The call to prayer comes in along with a warm breeze through the open balcony door into our bedroom. We are sweaty and hot and wrapped around each other in a perfectly comfortable embrace, the kind that comes after hundreds of other embraces and adjustments of knees, and arms and necks until finally you’ve memorized each other’s curves and bumps so that you don’t even have to think about it.
This always happened to us, the call to prayer coming in right after or during. I can’t remember it ever making me feel ashamed, this overlap of the physical and the divine. It felt like a reinforcement from the heavens of what I felt- that what happened here was miraculous and holy. We were not debasing our bodies, I thought, we were propping up each other’s souls. God likes that kind of stuff, I think.
What did make me uncomfortable, was what started happening when we started happening. After making love, I would become overwhelmed by a feeling of pure knowing and warmth that wasn’t mine. I couldn’t name it, I can’t even describe it. It would often leave me in tears and I think scared him the first time. A crying, naked girl in your bed is not a good way to end the night. It was a presence that was neither him nor me. Were we having a threesome with God? My great-grandmother? Worse, my grandfather? Who would wants to reach out from eternity to nestle in with us as the biggest spoon?
There is an email in my Drafts folder that I didn’t have time to finish writing before my life shattered. It was to Anita Moorjani, a spiritual writer who had gone to the other side and come back with all the answers. I didn’t finish it because I couldn’t find the right way to ask a total stranger why a spirit or even The Spirit wanted in on my bedroom action. See? I still can’t find a way to ask that question. I’m glad I never sent it. What would be the response? And worse, what would be my follow-up email? “GOD IS DEAD AND SO IS LOVE. In peace and love, Masha.”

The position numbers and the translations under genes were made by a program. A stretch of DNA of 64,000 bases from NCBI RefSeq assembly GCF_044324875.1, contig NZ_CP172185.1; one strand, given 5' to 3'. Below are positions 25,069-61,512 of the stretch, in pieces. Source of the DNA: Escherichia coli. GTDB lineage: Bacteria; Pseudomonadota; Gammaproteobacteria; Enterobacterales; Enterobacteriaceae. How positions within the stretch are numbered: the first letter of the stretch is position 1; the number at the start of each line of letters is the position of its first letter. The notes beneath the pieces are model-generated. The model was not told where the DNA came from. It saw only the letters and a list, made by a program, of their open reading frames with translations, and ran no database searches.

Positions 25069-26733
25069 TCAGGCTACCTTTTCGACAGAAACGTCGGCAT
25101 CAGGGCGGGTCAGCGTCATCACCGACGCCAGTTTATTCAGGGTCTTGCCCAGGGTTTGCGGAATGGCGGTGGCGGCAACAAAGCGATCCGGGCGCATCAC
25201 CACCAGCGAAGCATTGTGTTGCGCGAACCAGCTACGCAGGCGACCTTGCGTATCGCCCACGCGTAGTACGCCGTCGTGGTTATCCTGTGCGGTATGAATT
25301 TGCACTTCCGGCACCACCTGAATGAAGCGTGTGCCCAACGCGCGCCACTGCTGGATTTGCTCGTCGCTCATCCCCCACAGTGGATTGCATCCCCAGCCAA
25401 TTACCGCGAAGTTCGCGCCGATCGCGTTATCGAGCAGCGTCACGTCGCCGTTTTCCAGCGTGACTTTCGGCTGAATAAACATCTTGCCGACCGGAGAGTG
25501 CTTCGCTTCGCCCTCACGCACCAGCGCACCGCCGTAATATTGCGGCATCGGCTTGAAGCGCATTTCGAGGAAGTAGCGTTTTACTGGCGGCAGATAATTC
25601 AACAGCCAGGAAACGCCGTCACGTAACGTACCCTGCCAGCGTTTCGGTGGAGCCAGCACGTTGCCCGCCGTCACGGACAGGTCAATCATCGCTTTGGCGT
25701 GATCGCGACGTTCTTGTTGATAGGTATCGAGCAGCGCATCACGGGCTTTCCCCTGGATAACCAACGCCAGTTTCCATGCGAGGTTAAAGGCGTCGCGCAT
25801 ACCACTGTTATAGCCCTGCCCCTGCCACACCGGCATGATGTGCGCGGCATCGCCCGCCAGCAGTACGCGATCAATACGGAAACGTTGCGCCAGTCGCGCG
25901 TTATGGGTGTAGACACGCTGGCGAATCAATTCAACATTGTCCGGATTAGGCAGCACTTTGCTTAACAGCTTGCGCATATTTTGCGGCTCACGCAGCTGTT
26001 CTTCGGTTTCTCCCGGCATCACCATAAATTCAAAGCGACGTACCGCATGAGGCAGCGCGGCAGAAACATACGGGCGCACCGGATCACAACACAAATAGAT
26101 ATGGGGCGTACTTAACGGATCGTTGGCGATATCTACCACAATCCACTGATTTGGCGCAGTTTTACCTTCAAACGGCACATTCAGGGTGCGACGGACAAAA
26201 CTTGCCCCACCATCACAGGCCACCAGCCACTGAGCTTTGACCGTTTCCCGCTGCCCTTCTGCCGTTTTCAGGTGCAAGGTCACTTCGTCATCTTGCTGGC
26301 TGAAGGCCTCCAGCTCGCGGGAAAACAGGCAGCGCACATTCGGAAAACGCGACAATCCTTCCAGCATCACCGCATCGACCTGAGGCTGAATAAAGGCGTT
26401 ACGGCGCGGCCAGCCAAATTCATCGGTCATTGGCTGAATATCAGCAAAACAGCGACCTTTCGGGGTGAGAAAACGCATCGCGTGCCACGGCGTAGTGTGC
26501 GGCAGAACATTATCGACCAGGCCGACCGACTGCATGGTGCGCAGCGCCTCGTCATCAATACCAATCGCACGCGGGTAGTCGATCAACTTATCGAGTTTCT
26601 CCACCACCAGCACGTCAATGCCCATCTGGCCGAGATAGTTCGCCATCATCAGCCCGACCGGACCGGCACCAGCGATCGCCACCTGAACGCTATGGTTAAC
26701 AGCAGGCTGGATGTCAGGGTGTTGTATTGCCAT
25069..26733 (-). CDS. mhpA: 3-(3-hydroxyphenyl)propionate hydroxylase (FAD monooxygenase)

You can imagine that this weird phenomenon has been filed away in the evidence drawer marked “Denial” along with a million scraps of poetry, his laugh, Sufi skirts billowing, our cat’s purr when he is sandwiched between us, Nina Simone, and everything that has ever been beautiful or good.
It’s been so hard to start unpacking the drawer and dusting him off of the things that existed before him, without him, which like me, will continue to exist even if he is gone.
My relationship with the idea of God has been as complex and full of fear and mistrust as have my feelings about love and sex, especially the place where the last two intersect. Still, I can’t deny the buzzing of sparkly, knowing energy I feel in my life anymore than I can deny the butterfly flutterings of love. And since I met him, I can’t deny that I reached both through the intimate dance in our bed.
It’s been hard to reconcile these two truths – my union with this person was sacred and this person left me.
The definition of God that I am most comfortable with, is a surrender to love. The only way I can make sense out of what happened between us, is that it’s not so much about him. Though he inspired me to find the courage to do so, the miracle here is that finally, for the first time in my life I was able to surrender to love completely.